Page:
Roseburg responds to new graduation requirements | Education | –

A new law concerning graduation requirements will mean no more standardized tests for Douglas County students.

Gov. Kate Brown signed Senate Bill 744 into law last month, which will halt all essential skills testing required for graduation for the next three years. The prerequisite tests student’s proficiency levels in reading, writing and math.

The passage of the bill stirred debate among community members in Douglas County.

One of those who feels skeptical is Micki Hall, a retired teacher and former board member for the Roseburg School District.

“It seems like a solution looking to create a problem,” Hall said.

She said without essential skills testing, she is worried how schools will be able to identify kids who may need extra help.

“As far as students directly, I think the fact that some may be graduating without those essential skills ultimately harms kids in the long run,” Hall said.

But Michelle Knee, the Roseburg Public Schools assistant superintendent, emphasized that this does not translate to students being underprepared for graduation.

“SB 744 suspends essential skills testing for the next three years but does not remove Oregon’s graduation requirements,” Knee said. “Students are still required to show proficiency in all core subject areas in order to graduate.”

Essential skills are tested through traditional standardized tests or through portfolios that include work samples from students.

Logan Bishop, an incoming senior at Roseburg High School, said the tests didn’t help him understand the material better but did help him see areas for improvement.

“It’s nice to have a metric of some sort to say how I’m doing or areas that I can improve in,” Bishop said.

The law comes after a year with essential skills testing already slashed due to the pandemic. It also opens the door for the state to review current graduation requirements, said Liz Merah, press secretary for the governor, in a press release.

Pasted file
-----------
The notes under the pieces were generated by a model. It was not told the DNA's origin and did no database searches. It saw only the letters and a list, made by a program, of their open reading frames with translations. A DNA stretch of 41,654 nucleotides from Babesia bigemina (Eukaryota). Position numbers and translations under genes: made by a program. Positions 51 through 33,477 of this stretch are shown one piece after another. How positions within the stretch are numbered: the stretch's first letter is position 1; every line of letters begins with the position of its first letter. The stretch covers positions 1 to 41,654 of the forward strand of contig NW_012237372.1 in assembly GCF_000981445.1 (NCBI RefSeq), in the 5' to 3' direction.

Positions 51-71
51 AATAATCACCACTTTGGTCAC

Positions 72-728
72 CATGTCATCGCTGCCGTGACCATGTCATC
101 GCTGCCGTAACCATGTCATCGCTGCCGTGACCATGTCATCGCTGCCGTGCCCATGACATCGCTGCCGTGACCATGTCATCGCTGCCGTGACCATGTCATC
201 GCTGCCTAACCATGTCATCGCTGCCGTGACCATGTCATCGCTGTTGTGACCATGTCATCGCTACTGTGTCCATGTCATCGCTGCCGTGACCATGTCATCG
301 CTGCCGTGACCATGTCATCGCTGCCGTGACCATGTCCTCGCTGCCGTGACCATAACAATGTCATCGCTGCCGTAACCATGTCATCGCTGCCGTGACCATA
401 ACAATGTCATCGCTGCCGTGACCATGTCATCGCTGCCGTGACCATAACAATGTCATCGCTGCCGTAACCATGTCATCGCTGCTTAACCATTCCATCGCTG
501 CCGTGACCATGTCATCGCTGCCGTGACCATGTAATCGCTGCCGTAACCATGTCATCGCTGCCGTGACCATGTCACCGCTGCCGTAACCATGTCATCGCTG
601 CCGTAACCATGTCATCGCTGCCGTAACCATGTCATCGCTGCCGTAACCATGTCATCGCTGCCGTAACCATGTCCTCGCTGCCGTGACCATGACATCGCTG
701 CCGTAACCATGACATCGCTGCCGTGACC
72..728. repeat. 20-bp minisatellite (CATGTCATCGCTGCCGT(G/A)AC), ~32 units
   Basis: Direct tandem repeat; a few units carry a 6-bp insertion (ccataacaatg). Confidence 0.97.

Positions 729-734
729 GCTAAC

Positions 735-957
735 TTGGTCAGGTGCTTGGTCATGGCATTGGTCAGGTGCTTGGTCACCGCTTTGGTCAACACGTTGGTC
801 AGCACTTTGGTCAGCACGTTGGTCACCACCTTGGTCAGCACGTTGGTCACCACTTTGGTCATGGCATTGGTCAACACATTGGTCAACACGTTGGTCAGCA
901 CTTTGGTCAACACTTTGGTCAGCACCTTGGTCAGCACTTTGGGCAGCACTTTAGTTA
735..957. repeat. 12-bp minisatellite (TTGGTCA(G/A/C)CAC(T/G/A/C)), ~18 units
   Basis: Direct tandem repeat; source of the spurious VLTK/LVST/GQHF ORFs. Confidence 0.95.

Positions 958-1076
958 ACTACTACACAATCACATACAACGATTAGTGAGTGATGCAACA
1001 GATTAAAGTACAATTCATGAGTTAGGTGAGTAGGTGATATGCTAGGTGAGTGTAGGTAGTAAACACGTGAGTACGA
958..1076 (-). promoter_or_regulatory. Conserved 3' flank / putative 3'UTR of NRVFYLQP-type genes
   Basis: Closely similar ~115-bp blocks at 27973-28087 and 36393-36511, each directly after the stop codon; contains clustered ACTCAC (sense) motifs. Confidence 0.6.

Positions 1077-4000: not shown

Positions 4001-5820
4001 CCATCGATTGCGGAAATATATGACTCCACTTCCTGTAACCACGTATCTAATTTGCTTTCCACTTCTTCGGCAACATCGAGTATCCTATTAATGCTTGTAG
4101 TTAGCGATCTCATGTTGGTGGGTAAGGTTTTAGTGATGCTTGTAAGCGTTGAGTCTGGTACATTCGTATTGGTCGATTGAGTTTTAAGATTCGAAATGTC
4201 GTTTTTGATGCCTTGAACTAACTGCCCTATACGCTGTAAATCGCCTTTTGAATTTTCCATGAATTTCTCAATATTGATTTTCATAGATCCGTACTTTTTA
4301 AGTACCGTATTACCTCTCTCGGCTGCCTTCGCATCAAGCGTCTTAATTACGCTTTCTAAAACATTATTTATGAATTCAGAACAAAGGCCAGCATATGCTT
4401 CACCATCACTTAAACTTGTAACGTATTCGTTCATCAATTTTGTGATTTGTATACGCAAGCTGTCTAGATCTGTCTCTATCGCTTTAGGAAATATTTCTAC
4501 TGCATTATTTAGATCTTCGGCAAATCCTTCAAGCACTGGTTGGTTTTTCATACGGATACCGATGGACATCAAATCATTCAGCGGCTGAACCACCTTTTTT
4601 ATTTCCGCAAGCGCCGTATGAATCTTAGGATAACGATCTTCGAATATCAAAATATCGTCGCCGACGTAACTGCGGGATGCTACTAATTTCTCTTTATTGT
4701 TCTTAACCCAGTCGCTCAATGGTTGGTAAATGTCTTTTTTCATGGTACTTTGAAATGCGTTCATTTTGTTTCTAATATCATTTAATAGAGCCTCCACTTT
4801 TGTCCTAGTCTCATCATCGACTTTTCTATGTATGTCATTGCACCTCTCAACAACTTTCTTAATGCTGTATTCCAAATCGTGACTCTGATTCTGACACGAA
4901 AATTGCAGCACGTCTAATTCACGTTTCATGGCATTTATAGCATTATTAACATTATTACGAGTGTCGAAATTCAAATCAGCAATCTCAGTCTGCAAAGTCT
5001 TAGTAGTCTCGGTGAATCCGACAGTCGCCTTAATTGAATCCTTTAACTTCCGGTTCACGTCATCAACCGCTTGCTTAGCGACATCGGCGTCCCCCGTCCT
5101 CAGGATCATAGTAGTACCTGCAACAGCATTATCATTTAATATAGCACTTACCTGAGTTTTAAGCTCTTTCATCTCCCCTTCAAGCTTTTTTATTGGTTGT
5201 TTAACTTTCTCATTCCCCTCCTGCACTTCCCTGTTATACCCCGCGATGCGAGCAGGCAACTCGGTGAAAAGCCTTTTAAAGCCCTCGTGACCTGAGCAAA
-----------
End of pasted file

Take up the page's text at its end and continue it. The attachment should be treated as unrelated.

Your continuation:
“In the meantime, it gives Oregon students and the education community a chance to regroup after a year and a half of disruption caused by the pandemic,” Merah said.

She went on to add that this gives time to evaluate whether or not the current set-up for testing essential skills actually benefits students.

The suspension of standardized testing also allows officials a chance to examine ways to make requirements more inclusive, according to the press release.

“It gives Oregon a chance to reimagine and rebuild our education system in a way that more equitably serves Oregon’s Black, Latino, Latina, Latinx, Indigenous, Asian, Pacific Islander, Tribal, and students of color,” Merah said.

The review will look into ways to be more accessible for students with disabilities, for immigrant or refugee populations currently learning English.

Bishop said he could see this possibly increasing graduation rates in areas like Roseburg.

“The goal of a public education system is to graduate people,” Bishop said. “So I guess making that more accessible for everyone is good.”

Knee said she wanted to reassure the community about the school district’s dedication to rigorous standards for graduation.

“These standards are key to ensuring students are prepared for life after high school and that students remain on a path to success,” Knee said.

While the bill was mostly divided along party lines, former Rep. Gary Leif was one of the few Republican lawmakers who voted yes on the bill prior to his passing. Roseburg Mayor Larry Rich who worked closely with Leif during the last few months said he did not know the reasoning behind Leif’s vote.

Recommendations for new standards are due to the Legislature and Oregon Department of Education by late September 2022.

Madison Temmel is the Charles Snowden intern at The News-Review. She can be reached at [email protected] and 541-957-4217.